Skip to main content

tv   Asia Business Report  BBC News  March 13, 2019 1:30am-1:46am GMT

1:30 am
by a judge in melbourne. this follows his conviction in december for sexually abusing two choir boys. he is the most senior clergyman ever to be convicted of child sex offences. british mps have, for a second time, overwhelmingly rejected the brexit deal negotiated with the eu. it's despite theresa may securing last—minute changes on the issue of the irish border. and this story is trending on india and europe have closed their airspace to the boeing 737 max, following sunday's fatal crash of an ethiopian airlines jet. theyjoin a long list of countries that have suspended the plane. that's all. stay with bbc world news. and news in the uk: a third climber has died following an avalanche on britain's highest mountain, ben nevis.
1:31 am
now on bbc news live to singapore for asia business report. with rico hizon. shares in boeing falling another 6% as global skies are increasingly off—limits to its top—selling 737 max aircraft. the clock is ticking, but we still don't know how the uk will leave the european union. are we on our? hello, everyone, and welcome. you're watching asia business report on bbc news. i'm rico hizon. we begin with boeing. the stock fell another 6% on tuesday, leading to a 5% —— adding
1:32 am
toa5% tuesday, leading to a 5% —— adding to a 5% decline. since the deadly crash, more countries have banned the 737 max 8 plains, here in each of the list include south korea, malaysia, india, australia, and new zealand. indonesia's lion air, one of the biggest customers of the plane, has suspended delivery of four of the jet set had on order for this year. in october, a lion air 737 max 8 crashed shortly after taking off from jakarta, killing all on board. boeing said that safety is their number one priority and they have full confidence in the safety of the max. regulatory agencies and customers have made the decision they believe is most appropriate for they believe is most appropriate for the home markets. an aviation journalist services the tough time for boeing. the 737 max 8 is probably the most important programme on their books. 350 plus airliners flying. a500 deliveries. this is supposed to be a cash cow
1:33 am
for boeing. very safe and reliable. it isa for boeing. very safe and reliable. it is a very high selling jets, it is competing with the airbus. it is one of the major local cost carriers‘ favourites. one of the major local cost carriers' favourites. many international airlines have already grounded the aircraft. civil aviation authority ‘s have even banned it from their airspace. so much pressure on the us faa to ground these aircraft as well. many already have them and are flying them. the faa already have them and are flying them. the fm is under pressure right now. politicians have come out saying they would like to ban it. there was a flight attendant ‘s union talking about granting...m your view should be ground them? we should focus on the second investigation into the ethiopian crash. we really haven't conclusively proved anything about why that was caused or if it was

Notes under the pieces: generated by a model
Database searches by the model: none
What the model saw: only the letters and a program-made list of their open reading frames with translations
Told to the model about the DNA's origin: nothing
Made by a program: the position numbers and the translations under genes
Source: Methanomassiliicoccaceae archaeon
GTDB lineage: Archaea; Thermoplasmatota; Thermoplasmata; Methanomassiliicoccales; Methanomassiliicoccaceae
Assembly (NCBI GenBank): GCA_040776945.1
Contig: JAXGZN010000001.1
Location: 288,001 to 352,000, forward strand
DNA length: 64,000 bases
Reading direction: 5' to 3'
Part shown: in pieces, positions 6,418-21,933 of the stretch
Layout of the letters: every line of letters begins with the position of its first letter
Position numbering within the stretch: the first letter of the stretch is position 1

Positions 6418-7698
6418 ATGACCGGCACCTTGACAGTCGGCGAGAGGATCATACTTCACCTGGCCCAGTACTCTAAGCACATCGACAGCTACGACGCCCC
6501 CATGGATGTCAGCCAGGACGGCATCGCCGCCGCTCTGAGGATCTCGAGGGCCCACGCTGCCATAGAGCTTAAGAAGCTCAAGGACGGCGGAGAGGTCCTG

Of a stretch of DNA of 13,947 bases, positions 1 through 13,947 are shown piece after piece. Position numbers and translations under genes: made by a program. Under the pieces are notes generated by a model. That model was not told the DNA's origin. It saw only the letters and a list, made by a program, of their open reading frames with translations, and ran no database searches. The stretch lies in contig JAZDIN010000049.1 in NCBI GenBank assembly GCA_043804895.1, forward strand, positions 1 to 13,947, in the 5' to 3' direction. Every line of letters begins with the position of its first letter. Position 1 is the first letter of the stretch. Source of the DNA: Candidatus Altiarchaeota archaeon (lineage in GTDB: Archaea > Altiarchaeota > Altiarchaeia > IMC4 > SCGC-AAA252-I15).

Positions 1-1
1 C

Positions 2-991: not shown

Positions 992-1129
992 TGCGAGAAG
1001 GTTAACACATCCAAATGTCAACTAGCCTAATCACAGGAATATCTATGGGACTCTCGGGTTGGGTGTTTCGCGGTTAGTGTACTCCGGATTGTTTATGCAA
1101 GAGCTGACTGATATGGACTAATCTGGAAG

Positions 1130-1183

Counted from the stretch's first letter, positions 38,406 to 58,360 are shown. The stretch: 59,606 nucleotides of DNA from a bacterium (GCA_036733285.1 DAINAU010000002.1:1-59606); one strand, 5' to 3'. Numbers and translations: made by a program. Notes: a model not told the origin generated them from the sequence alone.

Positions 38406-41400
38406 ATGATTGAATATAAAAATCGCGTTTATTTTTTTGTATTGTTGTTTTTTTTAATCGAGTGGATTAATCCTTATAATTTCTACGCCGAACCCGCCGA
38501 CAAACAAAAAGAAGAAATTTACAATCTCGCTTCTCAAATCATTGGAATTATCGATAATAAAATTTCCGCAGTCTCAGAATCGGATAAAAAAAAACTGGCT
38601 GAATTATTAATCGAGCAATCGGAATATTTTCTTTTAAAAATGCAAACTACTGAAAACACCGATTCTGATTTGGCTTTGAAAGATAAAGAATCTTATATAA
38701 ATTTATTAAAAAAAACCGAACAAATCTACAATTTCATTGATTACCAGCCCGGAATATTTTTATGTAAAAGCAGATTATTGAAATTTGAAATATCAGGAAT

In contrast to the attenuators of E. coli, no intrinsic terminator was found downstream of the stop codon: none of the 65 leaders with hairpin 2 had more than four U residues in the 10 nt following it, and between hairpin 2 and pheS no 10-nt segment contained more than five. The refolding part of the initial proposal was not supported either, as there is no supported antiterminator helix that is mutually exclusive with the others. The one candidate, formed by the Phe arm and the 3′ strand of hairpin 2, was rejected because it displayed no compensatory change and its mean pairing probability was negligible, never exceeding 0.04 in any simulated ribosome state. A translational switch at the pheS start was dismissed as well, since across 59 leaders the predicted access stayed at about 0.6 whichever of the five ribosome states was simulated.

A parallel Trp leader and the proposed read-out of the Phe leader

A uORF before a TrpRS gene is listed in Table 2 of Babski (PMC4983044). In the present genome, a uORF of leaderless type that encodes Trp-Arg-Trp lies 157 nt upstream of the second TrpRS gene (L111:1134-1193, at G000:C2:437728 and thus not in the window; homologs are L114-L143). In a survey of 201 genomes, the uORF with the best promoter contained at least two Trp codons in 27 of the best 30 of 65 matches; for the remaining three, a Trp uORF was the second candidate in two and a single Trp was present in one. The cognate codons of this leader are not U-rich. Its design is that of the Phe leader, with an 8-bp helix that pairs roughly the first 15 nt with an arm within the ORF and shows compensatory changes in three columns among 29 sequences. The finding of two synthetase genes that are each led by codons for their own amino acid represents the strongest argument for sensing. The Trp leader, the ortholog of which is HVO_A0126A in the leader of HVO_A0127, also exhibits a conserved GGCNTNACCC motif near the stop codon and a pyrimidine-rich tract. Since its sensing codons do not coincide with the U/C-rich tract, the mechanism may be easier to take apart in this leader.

1:34 am
even related to the first accident. i think there should be caution about this right now. but it is important that we see what happens with the second crash, but then again the regulators will always try to error on the side of caution. this damage to boeing and the max, will it have an impact on their earnings going forward? will it have an impact on their earnings going forward ?m will it have an impact on their earnings going forward? it is difficult to see how that will happen. there could be compensation, they may have to pay airlines about delays in that sort of thing. that remains to be seen. greg waldron from flight global. we move on to brexit. we are just over two weeks to the deadline and we still don't know how, when, whether the uk will leave the european union. the lawmakers rejected prime minister's theresa may eal withdrawl deal for a second time. they will now vote on whether uk should leave the eu without a deal and on whether brexit should be delayed. i asked geopolitics expert aid modify what
1:35 am
is next to. there are not many good options on the table right now. there is no cohesive aim, no cohesive strategy from the uk governments, as a whole. and therefore we enter a stage of great uncertainty. what about the referendum or the general election option? a general election possibly could come into effective theresa may steps down. and then we will have to look for a new prime minister. and if the labour party do when, a potential hypothetical general election, they have not removed the option of a second referendum, although it is not their first choice. this definitely will be passed much 29. in your view, what are the implications for asia's businesses and their uk and eu strategies? it is more of the same at the moment. a lot of uncertainty. there is no clear view of what
1:36 am
britain will look like past the end of the month, even. so investors will not be making any long—term decisions at the moment, quite rightly so. aaron mordechai there. a geopolitical analyst. us president donald trump's tres chiva, robert lighthizer says he cannot predict success at ending the trade war with china. speaking before the senate finance committee he said major issues needed to be resolved before an agreement was reached, as talks intensified in their final weeks. netflix will reportedly start making its original anime injapan by partnering up with companies in the country. a business paper says it will release them globally in two or three years. the move is seen as a way to compete with disney. the united nations as north korea has violated sanctions by using global
1:37 am
banks to funnel illegal deals. the report says these banks continue to facilitate transfer of funds, even though transfers of petroleum and coal products are banned. we now turn our attention to japan, because carmakers listen, renault, and mitsubishi have promised a new start to their alliance —— nissan. they wa nt to to their alliance —— nissan. they want to move past the turmoil caused by the arrest of their former boss carlos ghosn. rupert wingfield hayes was at that conference in yokohama and sent this report. perhaps not surprisingly, the announcement in yokohama today was very upbeat, the heads of renault, nissan, and mitsubishi declaring the rebirth of their alliance. but beneath the headlines this strikes me as something of a victory for nissan and its ceo. last year the previous chairman of renault and nissan, carlos ghosn, who is now
1:38 am